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The Ike Reilly Assasination w/ Friends Like These and The Lift (Wednesday, November 24th, 2004, Triple Rock Social Club, Minneapolis)

By Steve McPherson

It’s the Wednesday night before Thanksgiving, so what is everybody out to do? Drink. And what goes better with drinking than an Ike Reilly show at the Triple Rock? Nothing, apparently, since arriving shortly after door time, I find a line down the block. After a little time spent soaking in the beginning of Minnesota winter, we’re in, and man is it dark. Plus, holy cow, there’s a crapload of gear on the stage.

Joining us first this evening is The Lift, from Los Angeles, who take the stage amidst copious equipment and in front of a projection screen, which I have to say, already gave me doubts, and, sure enough, I think The Lift were a little out of place at the Triple Rock. I know that pretentious bands with stage shows have to start somewhere, but it just didn’t feel right to me to have images being projected behind this band. They reminded me of nothing so much as an anonymous alternative band from the post-grunge, pre-rap-rock era (viz. Dishwalla, Dada). Things like a lit up sign for their merch table (“The Lift Station”) shouldn’t really matter, but it just seemed so … Los Angeles. And not in a good way. If you’re going to be so slick, you may as well write some catchy melodies, but alas. Perhaps in an alternative universe, The Lift are wildly popular, and no doubt fish feel much safer there, because there are no hooks.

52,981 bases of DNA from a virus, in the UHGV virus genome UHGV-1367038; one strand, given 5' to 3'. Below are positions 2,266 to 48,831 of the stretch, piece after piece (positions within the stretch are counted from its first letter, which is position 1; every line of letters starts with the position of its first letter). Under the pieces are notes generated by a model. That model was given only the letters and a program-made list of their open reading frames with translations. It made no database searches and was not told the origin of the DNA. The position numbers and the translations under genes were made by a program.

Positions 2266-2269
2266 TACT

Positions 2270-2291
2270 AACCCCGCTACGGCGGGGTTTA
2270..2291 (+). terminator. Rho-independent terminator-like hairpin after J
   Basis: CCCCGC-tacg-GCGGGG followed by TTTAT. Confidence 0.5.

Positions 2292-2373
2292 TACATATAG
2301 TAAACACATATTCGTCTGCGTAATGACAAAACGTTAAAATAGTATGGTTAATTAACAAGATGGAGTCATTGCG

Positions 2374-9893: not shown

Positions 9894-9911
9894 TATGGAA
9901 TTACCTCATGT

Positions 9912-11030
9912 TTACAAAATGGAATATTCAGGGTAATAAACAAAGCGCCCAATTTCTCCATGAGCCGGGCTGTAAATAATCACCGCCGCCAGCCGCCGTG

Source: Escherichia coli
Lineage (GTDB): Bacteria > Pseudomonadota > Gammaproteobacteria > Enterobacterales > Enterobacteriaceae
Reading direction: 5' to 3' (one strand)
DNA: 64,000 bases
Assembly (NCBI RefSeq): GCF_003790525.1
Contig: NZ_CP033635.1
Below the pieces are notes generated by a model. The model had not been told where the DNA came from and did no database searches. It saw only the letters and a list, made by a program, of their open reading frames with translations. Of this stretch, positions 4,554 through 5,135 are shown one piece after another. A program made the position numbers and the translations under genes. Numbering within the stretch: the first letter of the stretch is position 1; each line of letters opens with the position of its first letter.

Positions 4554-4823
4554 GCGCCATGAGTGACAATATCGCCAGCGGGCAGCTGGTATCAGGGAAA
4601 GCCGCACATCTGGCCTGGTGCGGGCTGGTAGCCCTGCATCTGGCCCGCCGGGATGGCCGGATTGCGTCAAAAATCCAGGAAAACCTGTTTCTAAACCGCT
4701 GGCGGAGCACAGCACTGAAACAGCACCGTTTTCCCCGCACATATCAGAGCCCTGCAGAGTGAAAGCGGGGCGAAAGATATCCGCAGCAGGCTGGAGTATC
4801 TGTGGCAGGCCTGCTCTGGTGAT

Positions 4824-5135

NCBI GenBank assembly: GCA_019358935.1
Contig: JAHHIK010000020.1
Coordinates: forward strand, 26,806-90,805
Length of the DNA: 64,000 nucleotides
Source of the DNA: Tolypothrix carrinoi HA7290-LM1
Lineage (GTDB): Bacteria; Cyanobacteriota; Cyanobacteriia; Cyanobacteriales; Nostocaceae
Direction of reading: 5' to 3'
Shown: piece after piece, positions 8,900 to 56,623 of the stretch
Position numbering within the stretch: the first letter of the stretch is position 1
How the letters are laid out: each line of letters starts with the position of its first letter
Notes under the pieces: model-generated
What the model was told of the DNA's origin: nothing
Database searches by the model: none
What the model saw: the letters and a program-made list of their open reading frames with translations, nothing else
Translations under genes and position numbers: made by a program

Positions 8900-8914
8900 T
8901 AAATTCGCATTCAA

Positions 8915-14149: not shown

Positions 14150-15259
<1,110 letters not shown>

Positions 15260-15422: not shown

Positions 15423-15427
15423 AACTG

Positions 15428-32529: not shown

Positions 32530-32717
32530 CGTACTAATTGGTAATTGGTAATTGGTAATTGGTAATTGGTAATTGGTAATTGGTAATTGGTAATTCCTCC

Friends Like These came onstage like a breath of fresh air. FLT just gets better and better every time I see them. Besides songs from the EP ‘Deliver us From Evil’ and album ‘I Love You,’ the band played a handful of promising new tunes, which singer/guitarist John Solomon assured me are in the process of being put down on tape. “The Difference” rocked, “7th St. Queen” rolled, and, per usual, “Karen” got lodged in my head again, and hasn’t left since. If any band from the Twin Cities deserves to make it, these guys do; they’re what I thought and hoped the Strokes were going to sound like before I heard them, with spiky, sometimes Stones-worthy guitar and blasted, weathered, yet somehow sweet vocals. If you play in, hang out in, or wake up in bars, sometimes regretting your lifestyle choices, FLT’s music is like the hair of the dog, giving you more of what got you in trouble in the first place. Despite some technical difficulties and a crowd that seemed more interested in their Amstel Lights and baseball hats, the band acquitted themselves well and I look forward to a new album from them sometime in the near future.

After much anticipation, the Ike Reilly Association emerged onto the darkened stage and began the rock, which the people seemed to love. I have to admit that I didn’t really know what to expect, and didn’t really appreciate what I got, but I had the feeling that the show would’ve gone over a lot better with me if I had been more familiar with his records, which Adam from FLT assured sound just great. I could have then been up there singing along with the masses. The very sold out nature of the show led to me hanging out more in the back and not getting caught up in the action up front. Reilly’s lyrics are clearly razor-sharp and his band is fantastically tight, but I just felt I was missing out on his blend of Dylan-esque vocals and hopped-up blues rock in the vein of Monster Magnet. And there’s a special part of my heart resolved for smartass rock, so maybe with a copy of Ike’s latest in my hands, I can put aside some of that space for the Assassination.